5. There is no guarantee that the brace will work. Scoliosis surgery may still be necessary as an older adolescent, young adult or older adult. Some adolescents feel “cheated” if they choose the bracing option, and then end up needing surgery anyway. I have had college students weeping wildly in my office, who were treated for years in a brace through middle school and high school who then found out that they needed scoliosis surgery anyway.
      6. The braces can be very expensive (often over $2,000 - $5,000) from most orthotists, although usually covered at least in part by insurance.
      7. Bracing usually multiple trips to orthotist for adjustments, and possibly new braces required as the child grows.
      8. Additional X-Rays needed in the brace to judge the effectiveness of the brace on curve correction.
      9. Bracing does not improve the appearance of the deformity, or the end curve measurement — the hope is to hold the curve at or near the current measurement. Self-image issues have been shown to be a major factor in the long-term effect of scoliosis on the individual.
      10. Scoliosis surgery has changed a lot during the past 40 years, with excellent improvements in postural appearance, much shorter surgical times, hospitalizations, and recovery times, and lower complication rates.
      11. Bracing may be helpful to at least delay surgery until a child is bigger, and has had more axial growth, making surgery less risky. However, this has to be weighed against the potential for severe curve progression despite brace.
      12. Other factors may affect the child/adolescent’s ability to be successfully braced, including body habitus and curve flexibility and location.

    --Linda

  11. #11
    Join Date
    Mar 2009
    Location
    Arizona
    Posts
    949

    This sentence really caught my eye

    This sentence really caught my eye

    Males are at 1/10 of risk progression than females.
    Is that really true? Only one tenth the risk? If so WOW!

  12. #12
    Join Date
    Sep 2003
    Location
    Northern California
    Posts
    6,802
    Quote Originally Posted by Dingo View Post
    This sentence really caught my eye



    Is that really true? Only one tenth the risk? If so WOW!
    Yes, although I think it is only for AIS.

  13. #13
    Join Date
    Jan 2008
    Location
    Oregon
    Posts
    1,162

    Dingo, that's for AIS

    Dingo,

    I believe that figure you quote for male: female risk ratio of 1:10 is for AIS. The studies I have read for JIS put the figure at about 50/50 male/female, with more males in the 3-6 y/o age group and more females in the 7-9 y/o age group. The thinking behind this is that the younger JIS cases may contain some hold-overs from infantile idiopathic scoliosis (previously undetected cases). At least that is what I've read.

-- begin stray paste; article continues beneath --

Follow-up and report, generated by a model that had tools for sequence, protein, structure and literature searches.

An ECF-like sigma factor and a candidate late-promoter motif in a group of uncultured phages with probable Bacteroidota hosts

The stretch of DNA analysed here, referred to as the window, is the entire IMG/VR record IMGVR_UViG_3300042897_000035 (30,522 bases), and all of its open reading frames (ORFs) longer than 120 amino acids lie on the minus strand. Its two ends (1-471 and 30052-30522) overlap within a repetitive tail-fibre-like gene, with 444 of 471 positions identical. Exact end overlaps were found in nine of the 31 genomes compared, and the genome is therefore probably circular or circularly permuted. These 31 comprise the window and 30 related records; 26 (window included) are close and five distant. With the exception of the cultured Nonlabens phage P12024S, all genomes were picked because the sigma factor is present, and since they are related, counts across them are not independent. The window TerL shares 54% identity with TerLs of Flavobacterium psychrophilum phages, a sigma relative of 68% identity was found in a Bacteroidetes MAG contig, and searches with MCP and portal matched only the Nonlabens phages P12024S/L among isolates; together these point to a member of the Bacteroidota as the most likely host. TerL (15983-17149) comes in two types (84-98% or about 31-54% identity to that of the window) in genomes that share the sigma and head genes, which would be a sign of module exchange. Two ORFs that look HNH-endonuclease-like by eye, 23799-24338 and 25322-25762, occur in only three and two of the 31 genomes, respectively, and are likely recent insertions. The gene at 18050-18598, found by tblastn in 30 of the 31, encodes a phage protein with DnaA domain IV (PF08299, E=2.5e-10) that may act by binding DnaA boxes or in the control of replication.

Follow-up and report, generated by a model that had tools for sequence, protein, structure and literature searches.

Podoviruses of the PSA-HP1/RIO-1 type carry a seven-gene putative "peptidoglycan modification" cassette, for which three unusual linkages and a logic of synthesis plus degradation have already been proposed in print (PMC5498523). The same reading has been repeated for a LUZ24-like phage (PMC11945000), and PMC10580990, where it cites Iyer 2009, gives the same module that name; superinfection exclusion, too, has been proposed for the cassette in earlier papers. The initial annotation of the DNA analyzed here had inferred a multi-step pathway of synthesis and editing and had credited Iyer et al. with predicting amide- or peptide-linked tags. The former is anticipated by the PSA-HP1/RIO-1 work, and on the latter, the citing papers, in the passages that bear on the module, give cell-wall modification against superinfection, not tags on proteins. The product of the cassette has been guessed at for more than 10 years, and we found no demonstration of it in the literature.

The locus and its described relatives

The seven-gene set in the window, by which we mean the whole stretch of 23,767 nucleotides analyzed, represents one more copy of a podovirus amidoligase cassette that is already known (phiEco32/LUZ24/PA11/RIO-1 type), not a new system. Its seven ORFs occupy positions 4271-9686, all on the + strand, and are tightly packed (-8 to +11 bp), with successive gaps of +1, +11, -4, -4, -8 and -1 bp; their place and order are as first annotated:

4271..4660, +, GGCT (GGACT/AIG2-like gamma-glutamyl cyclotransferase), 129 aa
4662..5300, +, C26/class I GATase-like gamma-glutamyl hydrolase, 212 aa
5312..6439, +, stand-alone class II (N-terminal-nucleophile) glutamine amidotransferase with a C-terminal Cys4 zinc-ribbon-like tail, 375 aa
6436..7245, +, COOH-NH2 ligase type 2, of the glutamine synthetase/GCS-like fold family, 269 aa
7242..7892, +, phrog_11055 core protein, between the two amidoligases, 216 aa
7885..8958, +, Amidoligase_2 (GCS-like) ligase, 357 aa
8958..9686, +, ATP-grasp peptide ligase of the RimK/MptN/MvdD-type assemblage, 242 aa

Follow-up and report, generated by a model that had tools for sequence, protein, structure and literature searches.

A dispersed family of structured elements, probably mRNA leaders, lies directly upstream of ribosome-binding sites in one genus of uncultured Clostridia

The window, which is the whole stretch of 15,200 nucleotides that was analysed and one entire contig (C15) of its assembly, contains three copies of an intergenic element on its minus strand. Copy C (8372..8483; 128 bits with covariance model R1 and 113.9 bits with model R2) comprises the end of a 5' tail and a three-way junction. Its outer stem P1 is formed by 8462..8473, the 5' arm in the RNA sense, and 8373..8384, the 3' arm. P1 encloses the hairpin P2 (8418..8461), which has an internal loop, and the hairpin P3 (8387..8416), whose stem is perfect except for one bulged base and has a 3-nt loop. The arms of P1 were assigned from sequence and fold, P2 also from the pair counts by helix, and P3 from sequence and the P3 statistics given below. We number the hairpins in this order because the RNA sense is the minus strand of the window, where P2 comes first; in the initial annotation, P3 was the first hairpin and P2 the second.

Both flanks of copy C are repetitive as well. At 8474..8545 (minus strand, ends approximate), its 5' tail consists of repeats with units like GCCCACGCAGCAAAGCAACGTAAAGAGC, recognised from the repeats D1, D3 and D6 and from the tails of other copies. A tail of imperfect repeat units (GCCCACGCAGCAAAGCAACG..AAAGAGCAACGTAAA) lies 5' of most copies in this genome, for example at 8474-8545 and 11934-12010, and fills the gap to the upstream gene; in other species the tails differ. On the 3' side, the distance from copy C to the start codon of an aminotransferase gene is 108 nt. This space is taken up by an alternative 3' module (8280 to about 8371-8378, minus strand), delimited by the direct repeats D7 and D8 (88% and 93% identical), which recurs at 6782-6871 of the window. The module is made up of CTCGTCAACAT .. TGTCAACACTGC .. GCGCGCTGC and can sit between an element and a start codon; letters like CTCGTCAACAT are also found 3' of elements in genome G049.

By the way, how is your son?
    Gayle, age 50
    Oct 2010 fusion T8-sacrum w/ pelvic fixation
    Feb 2012 lumbar revision for broken rods @ L2-3-4
    Sept 2015 major lumbar A/P revision for broken rods @ L5-S1


    mom of Leah, 15 y/o, Diagnosed '08 with 26* T JIS (age 6)
    2010 VBS Dr Luhmann Shriners St Louis
    2017 curves stable/skeletely mature

    also mom of Torrey, 12 y/o son, 16* T, stable

  14. #14
    Join Date
    Jan 2008
    Location
    NC
    Posts
    8,903
    Quote Originally Posted by LindaRacine View Post
    I think it's difficult for most surgeons (who one would assume would rather operate than monitor a kid in a brace), to be completely neutral.
    Why do you think most surgeons would rather operate than brace (or watch and wait)? I can't imagine that could possibly be true.

    They want to operate on cases that require it. They would be insane (and subject to malpractice claims) to want to operate and cases that don't require it.
    Sharon, mother of identical twin girls with scoliosis

    No island of sanity.

    Question: What do you call alternative medicine that works?
    Answer: Medicine


    "We are all African."

  15. #15
    Join Date
    Jan 2006
    Location
    near Philadelphia
    Posts
    1,260
    It may be totally irrational, but I just have a funny feeling about surgeons who self-promote. Dr. Hey's blog is perhaps more informational than promotional (he obviously loves/lives and breathes his work), but it still smacks faintly of "hard sell" to me.

    That being said, I'd probably seriously consider going to the guy if I needed revision surgery and Dr. B had retired. He appears to get very good results.
    Chris
    A/P fusion on June 19, 2007 at age 52; T10-L5
    Pre-op thoracolumbar curve: 70 degrees
    Post-op curve: 12 degrees
    Dr. Boachie-adjei, HSS, New York

Posting Permissions

  • You may not post new threads
  • You may not post replies
  • You may not post attachments
  • You may not edit your posts
  •